A happily married man for decades, I learned a couple of relationship truths I should have learned sooner. The feminine tests the masculine. Call it nagging if you must, it only challenges sloppy masculinity. Learn to love her for it, she will not change. Men need to rise to it. She looks to you for leadership, and can relax into the feminine more easily when you provide it.

The feminine is a source of energy for men. We are taught to feel ashamed of our attraction to women. Enjoy the energy, with all women. In truth, that yin polarity is available in everything, a constant source of  energy.

It is important for men to define their current mission — something outside the comfort zone, and something realistic. Stop making excuses. Men should challenge each other’s mediocrity. It is through a mission that the masculine finds expression and satisfaction.

I am rounding the edges of some of Deida’s language. He is more titillating. “Press your belly into her. Smile. Scream and then her lick her face. Do whatever it takes to crack the shell of her closure ….” Okay. There are some places he goes I just cannot follow. He talks about ravishing her. He says not to take her “no” seriously. He tries to distinguish this from loveless pornography and rape but I am not convinced. As I read the book, the vicious rape stories in India were surfacing on the news. I also read a story reporting a rape a minute right here in North America. Sorry Deida, no means no.

I do not write reviews of books I do not like. Deida has important things to say. I look forward to discovering more and better books, reinventing masculinity energetically and respectfully for men and women.

Newton’s personal library of a few hundred books, quite enough to found physics. “The Universe Within” by Neil Turok.

The Universe Within by Neil Turok is the 2012 Massey Lectures. I have read several histories of physics and perhaps did not need to read another one, but Turok speaks with a profound wisdom. A theoretical physicist, he has worked with Stephen Hawking, Paul Steinhardt and other brilliant minds to develop our understanding of the early universe. He is currently Director of the Perimeter Institute for Theoretical Physics in Waterloo Canada. He has a deep political consciousness and is dedicated to connecting abstract ideas with everyday people and young minds.

Turok makes many thoughtful reflections. I highlight three of them here. First, the problem of information overload in the modern digital world is not a new one but Turok stopped me with this observation:

In the Wren Library in Trinity College, Cambridge, Isaac Newton’s personal library consists of a few hundred books occupying a single bookcase. This was quite enough to allow him to found modern physics and mathematical science. A short walk away, in the main University Library, Charles Darwin’s personal library is also preserved. His entire collection of books occupies a ten-metre stretch of shelving. Again, for one of the most profound and original thinkers in the history of science, it is a minuscule collection.

Maybe the internet with its millions of books of data is required for the rest of our average brains. More likely, digital technology and the internet simply allow too much text to exist. A little curation goes a long way to intelligence.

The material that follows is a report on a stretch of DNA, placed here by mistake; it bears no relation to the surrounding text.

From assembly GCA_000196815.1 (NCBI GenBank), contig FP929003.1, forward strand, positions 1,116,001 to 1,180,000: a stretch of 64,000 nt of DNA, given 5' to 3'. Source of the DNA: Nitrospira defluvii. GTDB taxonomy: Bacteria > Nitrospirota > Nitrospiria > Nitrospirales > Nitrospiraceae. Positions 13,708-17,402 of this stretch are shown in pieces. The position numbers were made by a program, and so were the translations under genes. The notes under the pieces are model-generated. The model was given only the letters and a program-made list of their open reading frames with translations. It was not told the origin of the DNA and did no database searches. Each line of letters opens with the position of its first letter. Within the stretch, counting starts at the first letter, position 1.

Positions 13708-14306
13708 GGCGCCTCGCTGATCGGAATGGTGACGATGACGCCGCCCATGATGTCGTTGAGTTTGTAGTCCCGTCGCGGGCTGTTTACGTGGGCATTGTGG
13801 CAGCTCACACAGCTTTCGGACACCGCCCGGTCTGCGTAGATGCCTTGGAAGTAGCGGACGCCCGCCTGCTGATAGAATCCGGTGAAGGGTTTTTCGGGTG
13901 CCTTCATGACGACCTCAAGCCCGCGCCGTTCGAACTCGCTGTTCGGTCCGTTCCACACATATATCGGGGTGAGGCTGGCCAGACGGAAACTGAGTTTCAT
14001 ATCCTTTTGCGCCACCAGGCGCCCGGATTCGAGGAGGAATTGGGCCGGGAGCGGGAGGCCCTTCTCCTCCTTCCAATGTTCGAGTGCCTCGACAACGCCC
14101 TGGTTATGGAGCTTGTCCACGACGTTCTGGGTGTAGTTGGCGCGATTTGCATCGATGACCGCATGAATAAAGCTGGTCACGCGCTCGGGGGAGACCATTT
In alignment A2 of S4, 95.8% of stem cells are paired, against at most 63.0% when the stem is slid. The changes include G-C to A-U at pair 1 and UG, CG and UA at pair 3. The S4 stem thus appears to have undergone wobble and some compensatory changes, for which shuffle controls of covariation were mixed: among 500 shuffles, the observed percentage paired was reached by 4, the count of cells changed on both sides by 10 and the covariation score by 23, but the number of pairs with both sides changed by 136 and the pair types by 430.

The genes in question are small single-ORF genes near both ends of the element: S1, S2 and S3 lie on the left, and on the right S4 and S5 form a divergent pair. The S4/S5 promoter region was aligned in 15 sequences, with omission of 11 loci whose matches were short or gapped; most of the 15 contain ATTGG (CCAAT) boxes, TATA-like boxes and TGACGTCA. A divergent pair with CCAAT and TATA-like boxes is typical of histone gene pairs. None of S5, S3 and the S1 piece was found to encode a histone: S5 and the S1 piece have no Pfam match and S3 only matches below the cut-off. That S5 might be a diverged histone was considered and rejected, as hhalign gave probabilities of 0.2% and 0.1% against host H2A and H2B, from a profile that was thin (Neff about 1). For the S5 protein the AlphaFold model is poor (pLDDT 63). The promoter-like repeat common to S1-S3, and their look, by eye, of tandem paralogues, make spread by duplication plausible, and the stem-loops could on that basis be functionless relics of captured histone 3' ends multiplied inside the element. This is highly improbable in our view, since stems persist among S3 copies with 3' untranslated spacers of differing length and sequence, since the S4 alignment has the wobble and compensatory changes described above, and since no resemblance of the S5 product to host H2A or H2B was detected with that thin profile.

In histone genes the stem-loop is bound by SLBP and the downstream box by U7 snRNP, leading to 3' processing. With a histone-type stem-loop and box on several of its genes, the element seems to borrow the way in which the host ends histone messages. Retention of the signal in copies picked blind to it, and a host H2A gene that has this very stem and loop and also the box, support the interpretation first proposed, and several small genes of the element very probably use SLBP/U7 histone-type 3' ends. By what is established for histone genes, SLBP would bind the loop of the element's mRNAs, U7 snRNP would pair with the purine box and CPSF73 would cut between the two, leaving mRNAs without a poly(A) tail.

Second, I was glad to find a heavyweight physicist who shares my skepticism of the multiverse theory. Put simply, the multiverse concept proposes a universe for each possible outcome in space-time. Cast a six-side die and each outcome occurs in a different universe. The multiverse is proposed to resolve certain logical problems arising from quantum mechanics. It was delightfully rendered in the fictional work The Time Ships by Stephen Baxter. I am skeptical about it as a serious idea. As Turok says:

It is hard to imagine a less elegant or convincing explanation of our own beautiful world than to invent a near-infinite number of unobservable worlds and to say that, for some reason we cannot understand or quantify, ours was “chosen” to exist from among them.

Finally, I am grateful to Turok for giving the new atheists a kick in the ass. Scientists like Richard Dawkins and Lawrence Krauss have caused me to re-evaluate my vague agnosticm, even to acknowledge that I am an atheist, at least on weekdays. I maintain objections to their smugness. In The God Delusion, Dawkins opens by describing his profound wonder at the vastness of the universe. The same feeling has been shared in religious terms by Sagan, Einstein, Hawking and other scientists. When these scientists talk about God they are doing so in a poetic sense. The God Delusion, says Dawkins, is not an attack on their God. No, his attack is not on the poetic thinkers but on the literalists, those who think in fairy tales rather than in good solid physics. You can make a bold claim — God is a delusion — only if you exclude all good thinking on the subject and only focus on a straw man.

I was also disappointed by Krauss’ A Universe from Nothing. The book promises to take on the deep philosophical question, why is there something rather than nothing? I learned fresh ideas about the distribution of energy in the universe; fascinating, but not informative about the primary question. I get his argument, the sum of energy in the universe has been accounted for so there is no need to invoke a creator. Fine, don’t invoke a creator. But why is there something rather than nothing? As Turok says, “The rhetoric is impressive but the arguments are shallow.” If you are looking for a modest and reflective take on the subject, I recommend Why Does the World Exist by Jim Holt. Turok makes another recommendation which I have added to my reading list:

In comparing Krauss’s and Dawkins’s arguments with the care and respectfulness of those presented by Hume in his Dialogues Concerning Natural Religion, all the way back in the eighteenth century, one can’t help feeling the debate has gone backwards. Hume presents his skepticism through a dialogue which allows opposing views to be forcefully expressed, but which humbly reaches no definitive conclusion. After all, that is his main point: we do not know whether God exists.

Of late I have wondered if the eighteenth and nineteenth centuries were not the peak of human intellect. Neil Turok is an equal for our own day.